Drug companies have been reluctant to take chronotherapy approaches for several reasons, says David Ray, an endocrinologist at the University of Manchester, UK. It can be difficult enough to get patients to take medication, regardless of time. Only about 50% of people with a chronic illness follow their treatment recommendations, according to the World Health Organization. What’s more, regulators might insist that marketing a medication optimized for a specific time of day requires extra warnings about the risks of deviating from the schedule. That’s not a good selling point for a liability-wary drug maker – nor is the price tag of running studies to show a time-based response. Twice as many study groups would be necessary to show that giving a drug at one time is better than giving it at another, says Ray. And for drugs already making money, companies lack an incentive to go back and specify a time of day.
Ray and others also say that they are concerned by the trend among pharmaceutical companies to create once-a-day and other long-acting drug formulations. Doing so, they say, could have unintended consequences. Sustaining levels of a drug that targets the inflammatory molecule TNF-α, for example, could leave the immune system impaired throughout the day, says Ray. For conditions such as rheumatoid arthritis, he says, “you only really need to block TNF for a critical 4-to-5-hour window”.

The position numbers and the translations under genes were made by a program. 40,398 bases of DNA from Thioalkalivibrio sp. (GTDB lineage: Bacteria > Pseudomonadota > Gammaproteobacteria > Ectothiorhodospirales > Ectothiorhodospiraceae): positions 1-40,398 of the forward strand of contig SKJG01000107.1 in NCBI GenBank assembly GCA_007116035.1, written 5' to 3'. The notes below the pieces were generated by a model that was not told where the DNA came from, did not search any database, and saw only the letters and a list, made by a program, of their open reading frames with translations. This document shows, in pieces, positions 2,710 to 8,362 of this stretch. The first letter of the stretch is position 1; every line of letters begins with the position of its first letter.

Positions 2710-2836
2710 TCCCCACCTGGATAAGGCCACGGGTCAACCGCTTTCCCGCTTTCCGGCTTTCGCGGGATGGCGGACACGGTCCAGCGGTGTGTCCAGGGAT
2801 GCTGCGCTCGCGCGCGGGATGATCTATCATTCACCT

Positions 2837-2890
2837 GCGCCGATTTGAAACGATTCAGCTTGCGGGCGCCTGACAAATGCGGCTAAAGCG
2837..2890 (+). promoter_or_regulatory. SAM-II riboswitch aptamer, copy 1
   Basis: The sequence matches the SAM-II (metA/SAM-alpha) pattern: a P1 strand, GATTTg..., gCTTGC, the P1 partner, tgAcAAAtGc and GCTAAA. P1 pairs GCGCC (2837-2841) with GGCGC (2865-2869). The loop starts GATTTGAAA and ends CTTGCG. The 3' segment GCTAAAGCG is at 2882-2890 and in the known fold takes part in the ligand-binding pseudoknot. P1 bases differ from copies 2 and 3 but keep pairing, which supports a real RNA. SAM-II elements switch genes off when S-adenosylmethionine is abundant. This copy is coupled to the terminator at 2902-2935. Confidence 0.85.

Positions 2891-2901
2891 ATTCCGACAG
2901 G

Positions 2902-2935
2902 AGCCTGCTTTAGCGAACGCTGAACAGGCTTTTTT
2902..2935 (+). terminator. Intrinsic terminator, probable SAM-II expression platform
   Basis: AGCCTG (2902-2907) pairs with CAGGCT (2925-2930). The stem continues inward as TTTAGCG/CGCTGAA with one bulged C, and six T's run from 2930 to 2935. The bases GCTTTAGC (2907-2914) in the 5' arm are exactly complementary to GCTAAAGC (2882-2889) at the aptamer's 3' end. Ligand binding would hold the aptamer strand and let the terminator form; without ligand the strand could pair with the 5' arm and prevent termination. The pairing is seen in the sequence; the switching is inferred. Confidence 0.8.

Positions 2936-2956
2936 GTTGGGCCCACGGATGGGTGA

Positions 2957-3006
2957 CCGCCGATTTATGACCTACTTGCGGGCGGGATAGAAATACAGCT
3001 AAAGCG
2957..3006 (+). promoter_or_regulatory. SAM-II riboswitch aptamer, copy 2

John Hogenesch, a circadian biologist at the University of Pennsylvania, says that paying attention to the timing of treatments could eventually cut costs for companies. “I think what will change minds is showing people that when you take time of day into account, you can lower the noise and improve the signal between the controls and your clinical arm,” Hogenesch says. That could also mean rescuing some of the 90% of drug candidates that fail in early stages of development, says Ray.
As Rubin and his team look towards the next phase of their trial in the United States, they intend to measure participants’ rhythms and give temozolomide accordingly, he says. Meanwhile, in Europe, researchers are using portable devices to track around-the-clock blood pressure in thousands of patients, to build on evidence that conventional hypertension medications are best dosed at night. A study published in February notes a 67% reduction in heart attacks, strokes and other major cardiovascular events among patients taking bedtime doses, compared with those on morning doses. Juan Crespo Sabarís, a physician affiliated with the University of Vigo, Spain, who has been involved with the hypertension work, noted that doctors in his region of Spain are now advising bedtime dosing as a simple, low-cost form of chronotherapy.
For champions of the approach, such as Lévi, the prospects for chronotherapy have never looked better. But given the mixed results from trials, and the practical challenges for im
plementation, many scientists remain circumspect, especially with regards to cancer treatments. “At some point, we either need to revisit chronotherapy completely and put in some effort to get more data and make this work,” says Grothey, “or we say, ‘OK, that was just a side note in the history of oncology.’” He recalls fleeting excitement surrounding chronotherapy when he entered the cancer field about 20 years ago. “A lot of us discarded it as something that was too complicated,” he says. “We didn’t have the technology. That might be different now.”